Review Summary: Twice as heavy, twice as fast, and more musically demanding than ever, The Red Chord's fourth album should solidify the band as a truly formidable force in American death metal.19 of 19 thought this review was well writtenFused Together in Revolving Doors
really was worth all of the hype and accolades it received. The Red Chord pushed as many boundaries as they could, meshing together death metal with grindcore while never taking themselves too seriously. Needless to say, The Red Chord had really set the standards high for themselves. While Clients
and Prey for Eyes
are both incredibly entertaining records, they just didn’t quite follow suit and left a lot of fans wishing for something else. While the band’s fourth album, Fed Through the Teeth Machine
, is the furthest departure from the band’s seminal debut, it’s also the most focused effort The Red Chord has ever released.
For starters, this album is fast. Really fast. Fed Through the Teeth Machine
’s twelve tracks rarely ever derive from an incredibly brutal and heavily death metal-influenced sound, courtesy of drummer Brad Fickeisen’s positively dominating performance behind the kit. You’ll be aware of how tight of a drummer he’s become within about the first thirty seconds of the album’s blistering opener, “Demoralizer”. Guy Kozowyk crushes as always, providing more or less the same vocal performance listeners have come to expect since Clients
(minus the awkward spoken-word parts). That being said, his vocals are incredibly low, throaty, and most importantly, badass. Check out Guy’s incredibly menacing growl of “she is precious” in “Sleepless Nights in the Compound”, arguably the most impressive song The Red Chord has released to date. Additionally, the album’s crystal-clear production (something fans of The Red Chord haven’t had the pleasure of experiencing) just makes the riffs sound positively massive, something that the mixing and guitar tones on Prey for Eyes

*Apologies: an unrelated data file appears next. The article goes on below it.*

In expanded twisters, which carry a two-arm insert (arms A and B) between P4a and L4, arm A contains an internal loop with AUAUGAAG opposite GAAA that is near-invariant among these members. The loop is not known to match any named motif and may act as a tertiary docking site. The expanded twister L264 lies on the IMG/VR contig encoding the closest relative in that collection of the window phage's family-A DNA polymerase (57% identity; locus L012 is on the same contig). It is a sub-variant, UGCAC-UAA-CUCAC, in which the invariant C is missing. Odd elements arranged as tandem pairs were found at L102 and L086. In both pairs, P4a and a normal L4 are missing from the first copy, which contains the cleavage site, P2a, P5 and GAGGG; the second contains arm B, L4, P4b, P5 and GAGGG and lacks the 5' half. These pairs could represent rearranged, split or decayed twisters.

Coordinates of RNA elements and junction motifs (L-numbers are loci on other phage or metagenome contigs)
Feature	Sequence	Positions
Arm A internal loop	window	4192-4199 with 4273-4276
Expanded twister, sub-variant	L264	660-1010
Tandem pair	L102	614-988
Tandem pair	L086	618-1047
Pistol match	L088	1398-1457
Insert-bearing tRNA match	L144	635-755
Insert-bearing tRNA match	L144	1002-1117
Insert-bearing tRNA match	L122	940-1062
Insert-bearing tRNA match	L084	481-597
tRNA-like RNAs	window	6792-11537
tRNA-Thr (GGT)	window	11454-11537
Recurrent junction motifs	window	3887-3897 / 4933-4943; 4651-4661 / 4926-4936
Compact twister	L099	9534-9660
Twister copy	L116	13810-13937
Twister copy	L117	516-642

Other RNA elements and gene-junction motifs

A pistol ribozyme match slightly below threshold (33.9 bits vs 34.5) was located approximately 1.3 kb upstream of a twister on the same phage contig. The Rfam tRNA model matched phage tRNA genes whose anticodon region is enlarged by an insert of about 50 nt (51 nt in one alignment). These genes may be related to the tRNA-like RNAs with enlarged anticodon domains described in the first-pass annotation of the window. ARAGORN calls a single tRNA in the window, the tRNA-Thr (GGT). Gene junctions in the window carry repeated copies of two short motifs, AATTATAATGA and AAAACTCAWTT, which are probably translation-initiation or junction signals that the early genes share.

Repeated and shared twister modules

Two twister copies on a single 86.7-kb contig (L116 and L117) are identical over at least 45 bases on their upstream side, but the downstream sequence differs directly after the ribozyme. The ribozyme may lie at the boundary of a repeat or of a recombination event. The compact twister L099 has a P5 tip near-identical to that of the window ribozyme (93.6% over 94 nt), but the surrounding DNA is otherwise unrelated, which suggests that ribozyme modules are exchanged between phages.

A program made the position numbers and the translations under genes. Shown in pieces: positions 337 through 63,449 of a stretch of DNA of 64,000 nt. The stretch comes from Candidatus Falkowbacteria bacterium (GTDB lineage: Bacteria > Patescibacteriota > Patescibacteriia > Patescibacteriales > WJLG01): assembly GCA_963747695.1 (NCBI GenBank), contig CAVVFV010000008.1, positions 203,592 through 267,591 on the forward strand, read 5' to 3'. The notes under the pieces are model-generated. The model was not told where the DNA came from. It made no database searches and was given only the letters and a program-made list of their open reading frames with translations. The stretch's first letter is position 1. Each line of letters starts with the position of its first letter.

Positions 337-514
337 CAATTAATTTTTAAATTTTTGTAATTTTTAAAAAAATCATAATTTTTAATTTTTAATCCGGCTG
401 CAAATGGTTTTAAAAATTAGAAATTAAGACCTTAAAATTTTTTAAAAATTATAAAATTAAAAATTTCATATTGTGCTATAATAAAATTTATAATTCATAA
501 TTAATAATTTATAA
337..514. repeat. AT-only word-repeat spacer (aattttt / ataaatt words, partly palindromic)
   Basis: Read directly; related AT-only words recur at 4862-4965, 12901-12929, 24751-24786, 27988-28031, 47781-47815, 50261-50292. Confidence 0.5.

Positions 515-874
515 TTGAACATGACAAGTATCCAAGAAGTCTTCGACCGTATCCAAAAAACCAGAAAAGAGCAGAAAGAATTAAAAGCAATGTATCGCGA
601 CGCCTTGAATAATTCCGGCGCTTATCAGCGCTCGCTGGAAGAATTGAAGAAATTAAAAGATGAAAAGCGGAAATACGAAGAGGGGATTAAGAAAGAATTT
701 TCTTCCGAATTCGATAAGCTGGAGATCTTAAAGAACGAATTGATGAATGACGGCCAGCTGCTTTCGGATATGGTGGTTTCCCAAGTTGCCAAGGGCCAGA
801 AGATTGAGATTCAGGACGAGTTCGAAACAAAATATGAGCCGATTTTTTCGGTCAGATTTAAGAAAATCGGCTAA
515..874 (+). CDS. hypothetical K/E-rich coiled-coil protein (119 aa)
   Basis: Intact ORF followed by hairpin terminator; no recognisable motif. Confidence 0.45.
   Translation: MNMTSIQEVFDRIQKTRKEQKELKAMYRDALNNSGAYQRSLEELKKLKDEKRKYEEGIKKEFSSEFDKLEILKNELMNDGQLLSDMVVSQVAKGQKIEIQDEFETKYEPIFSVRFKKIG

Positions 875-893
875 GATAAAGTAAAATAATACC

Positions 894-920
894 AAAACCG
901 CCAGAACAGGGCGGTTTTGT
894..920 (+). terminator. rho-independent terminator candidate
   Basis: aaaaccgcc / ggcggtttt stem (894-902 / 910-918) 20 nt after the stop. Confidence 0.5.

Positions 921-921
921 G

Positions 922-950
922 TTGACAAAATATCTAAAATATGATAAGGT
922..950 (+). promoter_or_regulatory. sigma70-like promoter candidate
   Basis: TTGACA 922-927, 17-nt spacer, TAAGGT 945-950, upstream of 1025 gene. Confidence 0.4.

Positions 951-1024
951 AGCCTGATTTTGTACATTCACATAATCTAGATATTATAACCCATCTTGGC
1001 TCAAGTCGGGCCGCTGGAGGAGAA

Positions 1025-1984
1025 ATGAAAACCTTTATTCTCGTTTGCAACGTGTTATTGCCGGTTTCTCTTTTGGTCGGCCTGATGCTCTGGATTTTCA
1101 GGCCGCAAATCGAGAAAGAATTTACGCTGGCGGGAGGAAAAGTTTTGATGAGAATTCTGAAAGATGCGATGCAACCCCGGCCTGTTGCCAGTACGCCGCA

didn’t quite allow.
The album’s greatest strength though is the masterful and diverse riffing of the band’s now sole axeman, Mike "Gunface" McKenzie. Gunface, despite now being the only man playing guitar for The Red Chord for the first time in the band’s career, actually steps up his game. Fed Through the Teeth Machine
, while being undeniably death metal almost the entire time, keeps things fresh for the album’s thirty-five minute runtime. “Hour of Rats” starts thing off with your typical blast-beat affair, only before launching into the album’s most melodic and beautiful guitar solo, only to bludgeon the listener later with a devastating breakdown. “Mouthful of Precious Stones” and “Sleepless Nights in the Compound” are also amazingly well-crafted songs, featuring much longer, chord-driven sections that should just make about any metal head’s neck sore. And the outro to “Floating Through the Vein” actually sounds like your album is melting. Greg Weeks’ bass performance is also more audible than ever, always fooling the listener into thinking The Red Chord has more than four members. Everything here is undeniably “Gunface”, and the driving force behind The Red Chord’s original sound.
In short, The Red Chord have solidified themselves as an innovative an unstoppable force in American death metal, leaving behind the hardcore/metalcore influences that were prevalent on the band’s first two LPs. Fed Through the Teeth Machine
isn’t as humorous as some of the band’s previous outings, but it’s twice as heavy, twice as fast, and more musically demanding than ever. This is easily one of the most badass records to be released in 2009.
Thor's Top Three:
Hour of Rats
Sleepless Nights in the Compound
Mouthful of Precious Stones